How did our species, Homo sapiens, arrive in Western Europe? Published in Nature Ecology & Evolution, our new study analyses two skull fragments dating back between 37,000 and 36,000 years to conclude that our ancestors came from Eastern Europe and migrated westwards. These two individuals interbred with Neanderthals and with the very first European Homo sapiens, who arrived around 45,000 years ago and were thought to have become extinct following a major climatic catastrophe.
Together with lithic tools and pierced mammoth ivory beads, small skull fragments of the two skulls found in 2009 at an archaeological site in the Crimea, Buran Kaya III, bear witness to the presence of anatomically modern humans in Eastern Europe. Working with French and Ukrainian archaeologists, we were able to put in place a sampling protocol that took special precautions to prevent the fragments from being contaminated by modern human DNA and identify their ancient DNA.
The resulting analysis enabled us to generate a broad, up-to-date model of population movements, interactions and replacements as they settled in Europe during the Upper Palaeolithic, the period from around -40,000 to -12,000 years ago characterised by the expansion of anatomically modern humans around the world. These individuals are the oldest representatives of Western Europeans to have established themselves permanently in Europe and to have left traces in the genomes of present-day Europeans.
It is estimated they settled in the region after the ice age that took place from 40,000 to 38,000 years ago. In addition to extremely low temperatures, the latter period was also marked by the eruption of a super-volcano in the Phlegrean Fields region near Naples, which left south-eastern and eastern Europe covered in ash. Up to this day, researchers believe that the ensuing ecological crisis wiped out both the last Neanderthal populations and the first populations of sapiens humans of the early Upper Palaeolithic. The latter were the descendants of the Homo sapiens populations that came from Africa around 60,000 years ago and left archaeological remains in Europe from around 45,000 years ago, possibly even earlier.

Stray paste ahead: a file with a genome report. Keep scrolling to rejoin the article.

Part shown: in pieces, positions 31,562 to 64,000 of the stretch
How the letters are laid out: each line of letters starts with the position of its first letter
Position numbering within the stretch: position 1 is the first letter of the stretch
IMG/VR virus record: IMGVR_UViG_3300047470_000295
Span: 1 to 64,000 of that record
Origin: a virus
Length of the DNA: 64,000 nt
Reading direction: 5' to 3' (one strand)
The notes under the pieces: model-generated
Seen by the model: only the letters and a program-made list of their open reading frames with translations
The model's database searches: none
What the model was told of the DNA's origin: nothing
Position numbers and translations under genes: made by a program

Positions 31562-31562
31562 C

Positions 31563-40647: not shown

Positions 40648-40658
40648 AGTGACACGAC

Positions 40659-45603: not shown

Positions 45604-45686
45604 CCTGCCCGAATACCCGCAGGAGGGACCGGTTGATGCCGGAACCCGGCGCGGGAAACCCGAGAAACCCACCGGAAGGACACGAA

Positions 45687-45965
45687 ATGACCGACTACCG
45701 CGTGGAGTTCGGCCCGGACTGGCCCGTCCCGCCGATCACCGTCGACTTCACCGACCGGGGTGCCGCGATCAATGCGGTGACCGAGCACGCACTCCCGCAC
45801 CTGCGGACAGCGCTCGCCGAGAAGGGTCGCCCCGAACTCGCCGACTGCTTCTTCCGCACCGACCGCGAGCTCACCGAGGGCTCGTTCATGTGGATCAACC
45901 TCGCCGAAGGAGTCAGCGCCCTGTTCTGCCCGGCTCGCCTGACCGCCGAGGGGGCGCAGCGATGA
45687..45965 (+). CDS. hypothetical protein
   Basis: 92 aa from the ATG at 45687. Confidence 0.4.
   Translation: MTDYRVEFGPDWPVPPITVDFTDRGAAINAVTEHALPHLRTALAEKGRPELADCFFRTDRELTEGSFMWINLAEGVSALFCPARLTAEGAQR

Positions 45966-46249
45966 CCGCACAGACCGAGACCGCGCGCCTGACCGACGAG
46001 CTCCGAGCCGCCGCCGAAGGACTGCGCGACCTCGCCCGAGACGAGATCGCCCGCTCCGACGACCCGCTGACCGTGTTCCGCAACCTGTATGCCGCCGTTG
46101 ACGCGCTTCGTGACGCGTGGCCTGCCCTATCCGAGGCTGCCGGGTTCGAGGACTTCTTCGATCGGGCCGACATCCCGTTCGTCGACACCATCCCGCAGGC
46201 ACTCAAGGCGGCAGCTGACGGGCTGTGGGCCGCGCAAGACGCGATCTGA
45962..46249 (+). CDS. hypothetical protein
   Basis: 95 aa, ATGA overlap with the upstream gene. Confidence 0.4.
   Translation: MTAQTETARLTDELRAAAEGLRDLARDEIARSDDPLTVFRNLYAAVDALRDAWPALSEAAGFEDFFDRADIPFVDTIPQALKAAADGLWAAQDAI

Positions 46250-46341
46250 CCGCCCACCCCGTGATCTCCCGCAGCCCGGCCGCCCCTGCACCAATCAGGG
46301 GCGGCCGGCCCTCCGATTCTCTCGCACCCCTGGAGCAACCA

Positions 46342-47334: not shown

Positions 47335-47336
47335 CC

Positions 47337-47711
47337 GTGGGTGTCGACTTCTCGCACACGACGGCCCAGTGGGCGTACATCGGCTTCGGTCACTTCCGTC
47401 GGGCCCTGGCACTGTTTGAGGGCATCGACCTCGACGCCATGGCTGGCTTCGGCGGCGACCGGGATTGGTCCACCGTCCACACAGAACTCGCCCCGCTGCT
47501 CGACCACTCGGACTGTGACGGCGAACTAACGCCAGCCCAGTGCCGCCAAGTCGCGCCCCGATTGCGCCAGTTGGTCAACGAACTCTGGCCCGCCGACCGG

Archaeologically, this was the period of transition between the Middle Palaeolithic (250,000 to 30,000 years ago) and the Upper Palaeolithic (about 50,000–40,000 years ago until about 10,000 years ago), as the lithic industry of the last Neanderthals was replaced by that of the first Homo sapiens. Their skeletal remains are rare, but the few that were found in archaeological sites in the Czech Republic, Romania and Bulgaria have had their genomes partially deciphered.
Present-day Europeans bear no trace of the genomes of these first sapiens Europeans, unlike the human populations that lived in Europe after the ecological crisis of 40,000 years ago, some of whose genomes have been sequenced.
Homo sapiens from interbreeding
Although the information obtained from the two skull fragments from the Buran Kaya III site is fragmentary, we were able to compare it against the 740,000 genetic variations shared with the genomes of other ancient individuals, a sufficient number to detect their affinities and shared ancestry.